According to Mark, salvation is found in the margins. We are divided as never before. The chasm between the rich and the poor is wider than ever. Power and wealth are concentrated in smaller and smaller groups who seem to have our congress folk in their back pockets. We experience division in race and gender.

The experience of wilderness is common to the vast majority of people on the planet. Marginalization is experienced in every culture in the world. We can think of vast groups of people in the margins, Syrian refugees, Puerto Ricans struggling to recover from an infrastructure decimated by Hurricane Irma. We have amazing poverty in our own country. One in five children in the US lives in poverty, while half of the world’s people live on less than $2.50 a day. A billion people are chronically hungry. Two billion people do not live near water. For every $1 in aid a developing country receives, over $25 is spent on debt repayment.[1] In our own state the homeless population is burgeoning as affordable housing has dried up. This is the margins. This is where John carried out his ministry. This is where John prepared the way for Jesus. This is where Jesus came to be baptized and to inaugurate his own ministry. This is where people were called to salvation.

The Rev. Doctor William Barber, recently the leader of the NAACP in North Carolina has become one of the leaders in the Poor People’s Campaign. He is picking of the mantle of the Rev. Dr. Martin Luther King Jr. who established the Poor People’s Campaign in 1967 about a year before his assassination. Dr. King saw that poverty was not just another issue and that poor people were not a special interest group. Throughout his many speeches in the last year of his life, he described the unjust economic conditions facing millions people worldwide. He held up the potential of the poor to come together to transform the whole of society. He knew that for the load of poverty to be lifted, the thinking and behavior of a critical mass of the American people would have to be changed.  I have put a copy of the Fundamental Principles of the Poor Peoples Campaign on your table. The website is there and you can join the effort.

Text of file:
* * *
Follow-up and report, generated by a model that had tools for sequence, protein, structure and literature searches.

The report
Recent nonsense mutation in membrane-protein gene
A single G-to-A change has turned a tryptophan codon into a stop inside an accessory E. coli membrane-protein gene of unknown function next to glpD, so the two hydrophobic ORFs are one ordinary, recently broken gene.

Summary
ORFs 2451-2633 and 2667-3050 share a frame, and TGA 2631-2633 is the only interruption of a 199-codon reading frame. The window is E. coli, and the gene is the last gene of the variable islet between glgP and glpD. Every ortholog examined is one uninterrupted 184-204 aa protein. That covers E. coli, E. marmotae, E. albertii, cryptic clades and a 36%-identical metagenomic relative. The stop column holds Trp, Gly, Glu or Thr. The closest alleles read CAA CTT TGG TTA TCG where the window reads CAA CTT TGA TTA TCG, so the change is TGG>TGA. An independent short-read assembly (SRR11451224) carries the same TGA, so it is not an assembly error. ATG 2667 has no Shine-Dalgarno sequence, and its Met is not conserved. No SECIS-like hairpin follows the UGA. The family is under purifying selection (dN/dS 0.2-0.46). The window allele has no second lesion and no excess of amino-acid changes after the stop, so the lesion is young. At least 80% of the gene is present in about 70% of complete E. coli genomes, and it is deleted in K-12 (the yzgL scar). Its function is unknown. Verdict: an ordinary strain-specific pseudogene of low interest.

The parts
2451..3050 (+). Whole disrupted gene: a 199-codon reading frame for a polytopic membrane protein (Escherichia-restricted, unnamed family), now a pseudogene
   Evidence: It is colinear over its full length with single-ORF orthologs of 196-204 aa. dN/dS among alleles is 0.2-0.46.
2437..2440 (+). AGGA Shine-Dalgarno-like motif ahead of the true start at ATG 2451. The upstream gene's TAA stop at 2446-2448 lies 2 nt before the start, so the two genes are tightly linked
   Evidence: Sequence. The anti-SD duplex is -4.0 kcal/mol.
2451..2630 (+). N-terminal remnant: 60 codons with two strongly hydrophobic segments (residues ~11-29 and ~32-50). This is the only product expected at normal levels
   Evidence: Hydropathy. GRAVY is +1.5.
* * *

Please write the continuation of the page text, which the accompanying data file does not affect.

We are going to end our sermon time today listening to the Rev. Dr. William Barber who roots his agitation in moral rather than political terms. Making health care accessible and affordable, addressing criminal justice disparities, protecting and expanding voting rights, creating good jobs — these are moral issues rather than fodder for partisan debate in his eyes. “This is not about left versus right,” he said Monday in Raleigh. “There are certain things that are not left, right, but they are the center of authentic moral values—like love, like justice, like mercy, like caring for the least of these.”[2]

This is John the Baptist’s call to salvation. It is a call to the margins and it introduced the savior who comes in this gospel as a community organizer lifting up the needs of the outcasts and the poor.